So it's Friday and I woke up this morning wishing I could go to ALL THE PARTIES on the internets and laughing that I would surely have to scale back my expectations. I mean how could I write one single post about hands (Five Minute Friday) that was a top ten list (The Grove at Velvet Ashes), talked about the joy of finding community (incourage link-up), and a topic that has been rumbling loud in my brain this week, how to approach short term missions with the right disposition.
But as I sipped my morning coffee and my gears got going, I started to think about our hands. And how one of the things that can be an obstacle from us forming authentic community as well as to our approach to short term missions is thinking we have to have full hands, we have to come with something to offer more than ourselves. We need to bring a gift, a supply. a tool, an answer, a solution for our presence to be worth something.
The problem with full hands is this: there is only one possible evolution for the relationships we enter, whether they be with people with whom we are seeking community or brothers and sisters we go to visit at the ends of the earth. We arrive with our hands full of clothes, shoes, sports, equipment, building supplies, solutions, answers, advice, what have you, and we are burdened and encumbered by them. The only solution is to look for an empty, outstretched hand to dump them in. We dump. The person to whom we dump is now full and has to find something to do with the load, so they must turn away. We end up empty-handed, relieved of the gift we carried like a burden, and lonely.
1. Two empty hands can clasp together to form a link. A link in a chain that leaves another hand free for the inviting. A chain that can stretch and grow. A chain that is stronger in its collective grasp.
2. Empty hands can cup what is poured into them, then pour it out. Cupped hands receive a different kind of gift than the ones that are dumped by burdened, full hands. Cupped hands hold something soft, flowing and sacred. Cupped hands indincate care and slowness and a pouring into.
3. Empty hands can embrace when there is no way of working out an answer. When all there is to do is sit in the hard broken, place with someone and hold them while they shake with the sorrow of it.
4. Empty hands can pat backs. Can acknowledge the contributions of another. Give affirm and uplift.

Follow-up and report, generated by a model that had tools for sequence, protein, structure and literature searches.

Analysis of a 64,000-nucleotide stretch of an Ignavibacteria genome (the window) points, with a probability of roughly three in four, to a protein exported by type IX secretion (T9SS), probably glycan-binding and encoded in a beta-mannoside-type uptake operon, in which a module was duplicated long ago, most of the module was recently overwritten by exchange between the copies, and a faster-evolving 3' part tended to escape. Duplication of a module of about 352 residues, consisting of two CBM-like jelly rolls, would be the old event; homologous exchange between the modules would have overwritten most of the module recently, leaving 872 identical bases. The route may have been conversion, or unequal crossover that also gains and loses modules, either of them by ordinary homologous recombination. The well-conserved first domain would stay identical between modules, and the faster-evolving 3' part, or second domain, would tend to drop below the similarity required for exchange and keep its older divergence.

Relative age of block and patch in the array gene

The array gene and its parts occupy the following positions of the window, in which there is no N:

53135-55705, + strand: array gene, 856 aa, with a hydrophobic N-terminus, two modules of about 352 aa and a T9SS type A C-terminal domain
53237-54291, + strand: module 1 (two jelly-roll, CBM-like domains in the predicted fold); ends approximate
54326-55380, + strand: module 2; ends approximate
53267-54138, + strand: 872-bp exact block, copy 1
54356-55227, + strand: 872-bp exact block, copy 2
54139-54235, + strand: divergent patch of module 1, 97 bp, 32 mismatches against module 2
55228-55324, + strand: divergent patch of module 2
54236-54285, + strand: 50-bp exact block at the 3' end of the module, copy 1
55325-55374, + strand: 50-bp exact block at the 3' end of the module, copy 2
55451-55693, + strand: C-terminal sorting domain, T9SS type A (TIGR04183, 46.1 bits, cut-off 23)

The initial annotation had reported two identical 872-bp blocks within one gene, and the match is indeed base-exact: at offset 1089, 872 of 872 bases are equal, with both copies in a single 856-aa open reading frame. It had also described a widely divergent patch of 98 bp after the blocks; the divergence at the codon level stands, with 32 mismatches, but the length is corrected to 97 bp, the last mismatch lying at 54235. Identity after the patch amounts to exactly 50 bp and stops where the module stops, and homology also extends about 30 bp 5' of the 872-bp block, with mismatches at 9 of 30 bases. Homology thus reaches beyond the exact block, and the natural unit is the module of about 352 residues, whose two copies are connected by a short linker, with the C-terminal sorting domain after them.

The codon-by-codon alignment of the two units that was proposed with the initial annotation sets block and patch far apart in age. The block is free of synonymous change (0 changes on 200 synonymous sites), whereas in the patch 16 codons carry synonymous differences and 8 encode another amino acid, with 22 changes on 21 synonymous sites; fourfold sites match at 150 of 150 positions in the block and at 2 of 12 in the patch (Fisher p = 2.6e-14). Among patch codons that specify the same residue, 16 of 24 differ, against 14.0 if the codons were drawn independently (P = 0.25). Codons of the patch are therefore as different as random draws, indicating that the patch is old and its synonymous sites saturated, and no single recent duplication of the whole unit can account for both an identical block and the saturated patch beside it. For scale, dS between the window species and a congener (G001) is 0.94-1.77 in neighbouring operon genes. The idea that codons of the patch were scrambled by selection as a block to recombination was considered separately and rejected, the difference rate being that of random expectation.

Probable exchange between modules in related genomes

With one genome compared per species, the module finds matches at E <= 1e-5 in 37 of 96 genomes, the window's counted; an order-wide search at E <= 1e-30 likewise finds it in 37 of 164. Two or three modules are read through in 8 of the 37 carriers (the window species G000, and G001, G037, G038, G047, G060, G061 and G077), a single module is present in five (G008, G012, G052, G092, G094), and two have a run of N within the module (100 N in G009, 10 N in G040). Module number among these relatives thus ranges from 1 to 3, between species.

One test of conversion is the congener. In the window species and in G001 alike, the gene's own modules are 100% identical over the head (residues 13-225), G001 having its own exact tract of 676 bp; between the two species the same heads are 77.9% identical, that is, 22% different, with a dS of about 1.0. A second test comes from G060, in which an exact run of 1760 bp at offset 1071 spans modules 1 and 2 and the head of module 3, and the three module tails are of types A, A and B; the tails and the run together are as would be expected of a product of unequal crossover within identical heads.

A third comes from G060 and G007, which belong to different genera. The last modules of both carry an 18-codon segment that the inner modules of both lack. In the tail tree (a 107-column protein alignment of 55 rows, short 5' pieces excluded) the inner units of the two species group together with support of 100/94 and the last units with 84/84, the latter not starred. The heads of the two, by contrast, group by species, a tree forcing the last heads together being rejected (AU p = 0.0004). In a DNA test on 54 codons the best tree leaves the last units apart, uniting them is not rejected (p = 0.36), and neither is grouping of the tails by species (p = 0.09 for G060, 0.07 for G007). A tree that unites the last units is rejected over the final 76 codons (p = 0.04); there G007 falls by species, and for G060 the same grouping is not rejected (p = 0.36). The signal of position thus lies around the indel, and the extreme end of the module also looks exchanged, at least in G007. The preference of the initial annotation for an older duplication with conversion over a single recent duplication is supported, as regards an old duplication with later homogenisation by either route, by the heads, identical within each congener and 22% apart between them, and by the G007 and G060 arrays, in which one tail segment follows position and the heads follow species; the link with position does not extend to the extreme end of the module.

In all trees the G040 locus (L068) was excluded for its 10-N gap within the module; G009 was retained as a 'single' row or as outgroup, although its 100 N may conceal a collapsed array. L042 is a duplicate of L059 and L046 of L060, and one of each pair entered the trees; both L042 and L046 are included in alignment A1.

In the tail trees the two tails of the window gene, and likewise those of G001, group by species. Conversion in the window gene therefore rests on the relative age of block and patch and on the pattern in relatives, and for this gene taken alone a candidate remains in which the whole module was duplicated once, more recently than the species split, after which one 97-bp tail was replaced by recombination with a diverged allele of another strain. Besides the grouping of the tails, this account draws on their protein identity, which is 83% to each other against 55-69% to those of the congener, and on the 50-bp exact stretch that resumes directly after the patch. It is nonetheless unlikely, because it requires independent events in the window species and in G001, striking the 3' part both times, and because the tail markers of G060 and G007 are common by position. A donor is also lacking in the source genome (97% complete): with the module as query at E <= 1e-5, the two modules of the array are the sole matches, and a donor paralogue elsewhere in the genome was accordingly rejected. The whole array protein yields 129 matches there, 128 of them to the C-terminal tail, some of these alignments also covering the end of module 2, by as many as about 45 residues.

5. Empty hands can steady the ladder while someone else climbs. What a great gift to enable someone else to climb to the top while we steady the base on which she climbs.
6. Empty hands tell our stories. The wrinkles, the scars, the ring, the nails. The sun-baked glow or hard callouses. They tell our story. There is much we can learn from studying one another's hands. If only we are allowed to see them freely. It is much easier to be KNOWN with empty hands.
7. Empty hands reveal our need. When we stretch out empty hands to another, we let them know that we too are needy, we too do not have it all. We too are beggars of grace and good things.
8. Empty hands don't make the ability to work a prerequisite. Sometimes while we mean for our full hands to be a gift, we don't realize that we are saying to those to whom we offer them, if you want to walk with me, you must be able and willing to help me accomplish my goals. But what if physical, mental, spiritual health make that person unable to do so? Then we have laid a road block where we meant to build a bridge.
9. Empty hands can open doors and hold them while others walk through. Enough said.
10. Empty hands look like Jesus. Extended in blessing. Offering an embrace. Calming the seas. Stretched out on the cross. Empty-handed but with so much to offer.
My life in missions has taught me that is okay to approach thing empty-handed. That often it leads to the very best relatioships and the deepest places. Lately, I've learned to bring that to my own search for community as well. And I am so the better for it. So, friend, lay your burden down today and offer your empty hands to someone. And if you headed out on mission soon, consider what might happen if you did so empty-handed. Share your story insead of your stuff. Stretch out and offer yourself, empty and open. I promise, good things await.